Give them a suitable surface, some water and nutrients, and bacteria will likely put down stakes and form biofilms. Biofilms are communities made up of many individual bacterial cells held together and stuck to surfaces by a kind of biological glue. These sticky, slimy microbial metropolises wreak havoc when they clog medical devices implanted in the body, such as stents and catheters.
A recent study funded in part by the National Institutes of Health revealed how biofilms cause such clogs: The bacteria form streamers that tangle with each other and trap other passing bacteria, creating a full blockage in a surprisingly short period of time.
Researchers at Princeton University used time-lapse microscopy imaging to monitor fluid flow and biofilm formation in curvy, narrow tubes. Unlike many previous studies, these experiments more closely mimicked real-life conditions, using rough rather than smooth surfaces and pressure-driven flow rather than nonmoving or uniformly flowing fluid.
The researchers tagged bacteria known to be common contaminants of medical devices with a green fluorescent dye. As the bacterial cells flowed through the microscopic channel, they attached to the inner wall, where they began to multiply and form a biofilm (seen in green in the movie above). The buildup of this biofilm only modestly affected the rate of fluid flow through the channel.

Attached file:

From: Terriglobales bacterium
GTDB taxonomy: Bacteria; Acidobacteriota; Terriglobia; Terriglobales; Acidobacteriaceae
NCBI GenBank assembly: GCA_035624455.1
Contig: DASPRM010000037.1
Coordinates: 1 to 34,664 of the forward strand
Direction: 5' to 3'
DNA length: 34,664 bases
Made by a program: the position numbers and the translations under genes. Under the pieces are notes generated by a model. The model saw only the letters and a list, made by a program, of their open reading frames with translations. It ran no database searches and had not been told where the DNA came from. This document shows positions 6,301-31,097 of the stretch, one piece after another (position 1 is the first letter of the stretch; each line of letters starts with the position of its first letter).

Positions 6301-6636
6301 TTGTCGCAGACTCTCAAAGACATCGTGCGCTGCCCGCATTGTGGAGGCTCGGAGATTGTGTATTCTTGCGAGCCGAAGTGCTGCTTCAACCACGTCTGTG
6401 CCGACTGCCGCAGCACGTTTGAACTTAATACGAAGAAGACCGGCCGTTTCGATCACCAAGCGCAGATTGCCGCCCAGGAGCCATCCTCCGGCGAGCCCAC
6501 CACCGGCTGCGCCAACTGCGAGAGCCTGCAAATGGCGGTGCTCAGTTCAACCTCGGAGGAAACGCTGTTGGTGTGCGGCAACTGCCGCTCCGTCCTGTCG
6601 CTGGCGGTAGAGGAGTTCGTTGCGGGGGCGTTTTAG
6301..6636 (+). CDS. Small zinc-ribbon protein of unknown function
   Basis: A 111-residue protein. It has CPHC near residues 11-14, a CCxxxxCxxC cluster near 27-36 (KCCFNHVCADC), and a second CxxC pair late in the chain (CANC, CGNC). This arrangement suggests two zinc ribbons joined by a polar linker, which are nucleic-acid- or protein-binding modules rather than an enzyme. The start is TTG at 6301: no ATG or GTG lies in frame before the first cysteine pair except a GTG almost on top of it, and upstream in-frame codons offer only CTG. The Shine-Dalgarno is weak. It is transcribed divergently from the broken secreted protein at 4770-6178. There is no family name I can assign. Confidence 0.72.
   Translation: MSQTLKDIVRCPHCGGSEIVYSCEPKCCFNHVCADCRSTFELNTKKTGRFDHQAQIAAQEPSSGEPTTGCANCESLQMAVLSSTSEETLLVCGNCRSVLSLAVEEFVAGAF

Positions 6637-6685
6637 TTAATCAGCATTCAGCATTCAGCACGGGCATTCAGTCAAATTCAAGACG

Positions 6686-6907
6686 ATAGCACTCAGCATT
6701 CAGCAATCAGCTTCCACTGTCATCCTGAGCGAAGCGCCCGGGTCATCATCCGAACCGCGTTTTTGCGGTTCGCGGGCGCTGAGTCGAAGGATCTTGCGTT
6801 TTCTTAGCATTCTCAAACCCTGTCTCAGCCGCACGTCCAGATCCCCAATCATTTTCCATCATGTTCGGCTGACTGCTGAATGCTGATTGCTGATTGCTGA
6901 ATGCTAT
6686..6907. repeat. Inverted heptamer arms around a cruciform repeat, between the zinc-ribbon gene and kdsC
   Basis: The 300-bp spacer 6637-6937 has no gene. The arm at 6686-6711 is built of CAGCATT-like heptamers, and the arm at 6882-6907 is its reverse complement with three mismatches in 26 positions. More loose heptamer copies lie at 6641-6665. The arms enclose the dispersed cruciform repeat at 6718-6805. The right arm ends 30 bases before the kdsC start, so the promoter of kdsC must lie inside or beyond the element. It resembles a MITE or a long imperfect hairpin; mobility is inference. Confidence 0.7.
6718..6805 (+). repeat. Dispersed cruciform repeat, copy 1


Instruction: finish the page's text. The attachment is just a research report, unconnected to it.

Forty-three hours into the experiment, the researchers began flowing bacteria tagged with a red fluorescent dye into the channel. They found that, after about 50 hours total, bacteria on the walls of the channel shed some of the sticky substance that holds them together, creating thin streamers that rippled in the liquid and that eventually tangled to form a sievelike mesh in the channel. Some of the red-labeled bacterial cells got stuck in the mesh, creating an even-larger web of biofilm streamers (seen in red in the movie) that ensnared more cells. Within an hour after the streamers first formed, the entire tube became blocked and the fluid flow stopped.
Additional experiments revealed that some of the genes previously shown to be required for biofilm formation on smooth surfaces were not needed to form biofilm streamers in the flow system used in this study, underscoring the need to study biofilms in realistic environments. The studies also showed that biofilm streamers form in stents, water filters and porous materials similar to those used in wastewater treatment plants, suggesting that the streamers are the likely explanation for why biofilms block up these materials.
Together, these findings could help shape strategies to prevent clogging of medical devices and other materials that are prone to bacterial contamination.
This Inside Life Science article was provided to LiveScience in cooperation with the National Institute of General Medical Sciences, part of the National Institutes of Health.
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